Health In Focus
  • Burosumab is a monoclonal antibody that acts against the fibroblast growth factor 23 (FGF23)
  • It has been granted conditional approval for the treatment of X-linked hypophosphatemia from the European Union
  • Further studies are required before its use can be established for the condition

The European Medicines Agency's (EMA) Committee for Medicinal Products for Human Use (CHMP) has granted conditional marketing authorization for burosumab for the treatment of a rare bone disease called X-linked hypophosphatemia (XLH). Burosumab can now be used in the European Union in children over 1 year of age and in adolescents with growing skeletons and with radiological evidence of the presence of the condition. Currently, the US Food and Drug Administration (FDA) is also reviewing the drug for its use in the rare condition.
New Treatment Option for X-linked Hypophosphatemia

Burosumab is a monoclonal antibody directed against the hormone fibroblast growth factor 23 (FGF23). FGF23 prevents the reabsorption of phosphate by the kidney. It also plays a role in the regulation of vitamin D. An excess of FGF23 results in excess loss of phosphate and reduces its blood level. Burosumab increases the reabsorption of phosphate from the kidney thereby increasing the blood phosphate levels. It also increases the production of vitamin D, which in turn increases the absorption of calcium and phosphate from the intestine, thereby increasing their blood levels.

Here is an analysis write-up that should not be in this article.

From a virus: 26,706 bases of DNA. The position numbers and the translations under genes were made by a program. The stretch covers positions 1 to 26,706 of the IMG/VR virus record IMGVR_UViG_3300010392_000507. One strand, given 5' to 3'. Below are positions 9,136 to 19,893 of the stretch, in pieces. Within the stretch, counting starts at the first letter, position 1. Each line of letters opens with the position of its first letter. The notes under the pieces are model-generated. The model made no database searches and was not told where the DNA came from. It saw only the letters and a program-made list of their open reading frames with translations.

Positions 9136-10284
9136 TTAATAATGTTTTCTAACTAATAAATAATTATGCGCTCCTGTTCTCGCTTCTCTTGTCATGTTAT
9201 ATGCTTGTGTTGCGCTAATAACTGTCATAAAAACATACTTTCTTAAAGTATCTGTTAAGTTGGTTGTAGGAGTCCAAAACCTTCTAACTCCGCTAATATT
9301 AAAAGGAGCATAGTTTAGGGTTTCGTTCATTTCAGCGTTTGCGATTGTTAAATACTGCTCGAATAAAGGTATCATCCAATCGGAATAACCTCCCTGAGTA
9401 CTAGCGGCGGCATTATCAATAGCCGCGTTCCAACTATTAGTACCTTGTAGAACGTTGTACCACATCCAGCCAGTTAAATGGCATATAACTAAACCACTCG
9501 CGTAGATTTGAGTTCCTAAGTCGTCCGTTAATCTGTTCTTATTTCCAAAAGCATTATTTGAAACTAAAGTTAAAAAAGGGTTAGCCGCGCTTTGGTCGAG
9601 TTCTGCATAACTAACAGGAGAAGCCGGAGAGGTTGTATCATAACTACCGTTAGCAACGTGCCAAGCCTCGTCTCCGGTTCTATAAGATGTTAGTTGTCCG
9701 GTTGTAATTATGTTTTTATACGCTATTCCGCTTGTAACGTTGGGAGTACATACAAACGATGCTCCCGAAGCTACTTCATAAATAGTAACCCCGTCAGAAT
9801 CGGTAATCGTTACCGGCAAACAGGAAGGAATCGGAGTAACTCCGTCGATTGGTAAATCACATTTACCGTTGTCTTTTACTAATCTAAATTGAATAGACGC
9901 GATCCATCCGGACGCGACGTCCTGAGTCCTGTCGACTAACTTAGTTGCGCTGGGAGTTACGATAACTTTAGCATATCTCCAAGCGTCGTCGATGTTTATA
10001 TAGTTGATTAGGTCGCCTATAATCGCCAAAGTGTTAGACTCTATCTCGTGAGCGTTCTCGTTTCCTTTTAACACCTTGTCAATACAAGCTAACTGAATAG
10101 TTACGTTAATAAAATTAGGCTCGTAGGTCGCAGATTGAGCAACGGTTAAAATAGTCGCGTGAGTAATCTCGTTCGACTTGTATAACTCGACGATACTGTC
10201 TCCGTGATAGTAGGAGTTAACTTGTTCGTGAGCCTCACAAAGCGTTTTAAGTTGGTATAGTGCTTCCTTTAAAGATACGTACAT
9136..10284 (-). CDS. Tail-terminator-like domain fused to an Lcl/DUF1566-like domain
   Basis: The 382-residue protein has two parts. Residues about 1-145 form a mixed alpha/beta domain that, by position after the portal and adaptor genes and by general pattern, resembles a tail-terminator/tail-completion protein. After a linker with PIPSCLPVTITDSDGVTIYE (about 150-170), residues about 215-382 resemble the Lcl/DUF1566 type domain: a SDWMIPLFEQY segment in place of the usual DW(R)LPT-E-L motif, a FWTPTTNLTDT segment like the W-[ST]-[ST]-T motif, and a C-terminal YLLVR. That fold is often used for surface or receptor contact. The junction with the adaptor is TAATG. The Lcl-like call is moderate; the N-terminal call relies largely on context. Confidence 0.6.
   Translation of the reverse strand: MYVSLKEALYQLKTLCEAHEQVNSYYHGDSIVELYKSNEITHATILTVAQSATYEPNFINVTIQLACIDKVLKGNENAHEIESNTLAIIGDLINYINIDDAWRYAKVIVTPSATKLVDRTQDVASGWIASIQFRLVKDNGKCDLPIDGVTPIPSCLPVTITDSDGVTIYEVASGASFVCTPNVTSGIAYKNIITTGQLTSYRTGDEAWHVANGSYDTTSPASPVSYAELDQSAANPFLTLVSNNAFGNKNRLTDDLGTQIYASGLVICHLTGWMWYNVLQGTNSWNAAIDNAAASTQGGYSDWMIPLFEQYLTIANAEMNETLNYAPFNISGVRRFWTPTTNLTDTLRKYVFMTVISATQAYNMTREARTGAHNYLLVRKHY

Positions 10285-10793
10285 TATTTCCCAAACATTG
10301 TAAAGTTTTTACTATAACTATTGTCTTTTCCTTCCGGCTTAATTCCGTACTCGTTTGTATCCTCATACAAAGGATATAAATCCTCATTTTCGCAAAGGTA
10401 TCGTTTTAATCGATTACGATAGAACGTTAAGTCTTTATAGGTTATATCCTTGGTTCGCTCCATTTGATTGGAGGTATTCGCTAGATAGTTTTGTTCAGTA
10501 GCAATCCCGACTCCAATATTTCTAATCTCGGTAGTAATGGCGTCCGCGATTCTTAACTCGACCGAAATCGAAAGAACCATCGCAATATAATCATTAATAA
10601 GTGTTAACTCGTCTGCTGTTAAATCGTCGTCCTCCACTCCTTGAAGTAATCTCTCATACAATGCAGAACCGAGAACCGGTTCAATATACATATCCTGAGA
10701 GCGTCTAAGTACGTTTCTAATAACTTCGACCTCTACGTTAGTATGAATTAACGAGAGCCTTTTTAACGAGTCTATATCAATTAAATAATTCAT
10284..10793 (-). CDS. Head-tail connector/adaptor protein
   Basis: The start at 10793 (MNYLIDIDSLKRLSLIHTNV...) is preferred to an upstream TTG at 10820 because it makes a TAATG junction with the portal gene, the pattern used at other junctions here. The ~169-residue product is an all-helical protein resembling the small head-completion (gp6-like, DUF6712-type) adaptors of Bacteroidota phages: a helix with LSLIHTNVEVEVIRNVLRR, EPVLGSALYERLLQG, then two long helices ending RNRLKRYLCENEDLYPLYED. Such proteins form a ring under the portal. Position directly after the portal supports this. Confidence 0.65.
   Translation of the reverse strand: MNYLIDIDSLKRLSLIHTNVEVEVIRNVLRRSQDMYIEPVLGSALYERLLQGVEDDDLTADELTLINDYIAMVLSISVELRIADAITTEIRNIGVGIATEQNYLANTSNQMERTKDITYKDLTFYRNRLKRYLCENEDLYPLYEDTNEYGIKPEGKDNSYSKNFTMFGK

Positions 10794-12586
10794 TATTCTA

The benefits of burosumab in X-linked hypophosphatemia in increasing blood phosphate levels and improving rickets have been demonstrated in two small studies. One study was conducted on 53 children in the age group of 5 to 12 years with the disorder, while the second study was conducted on 13 children between the ages of 1 to 4 years. Side effects noted were reactions at the site of the injection, headache and pain in the extremities.

Burosumab is also being evaluated for the treatment of tumor-induced osteomalacia, another condition that weakens bones. Tumor-induced osteomalacia occurs in patients with benign tumors and is associated with high FGF23 levels.

About X-linked Hypophosphatemia (XLH)

X-linked hypophosphatemia (XLH) is a rare inherited bone disorder that arises due loss of excess phosphate through the urine. This results in low levels of phosphate in the blood, which in turn draws phosphate from the bone, thereby weakening it and resulting in rickets. The patient has a high level of the FGF23 hormone.

Children with XLH suffer from bone and teeth pain, along with bone deformities that include bent legs and short stature. Other features include a waddling gait, muscle weakness, pseudofractures, narrowing of the spinal cord, abnormal bone growth at the attachment of tendons or ligaments to bone (enthesopathy) and osteoarthritis. Treatment includes the intake of oral phosphate and vitamin D, which treat the symptoms but do not address the underlying problem.

References :
  1. Hereditary hypophosphatemic rickets - (
  2. FGF23 Gene - (
Source: Medindia

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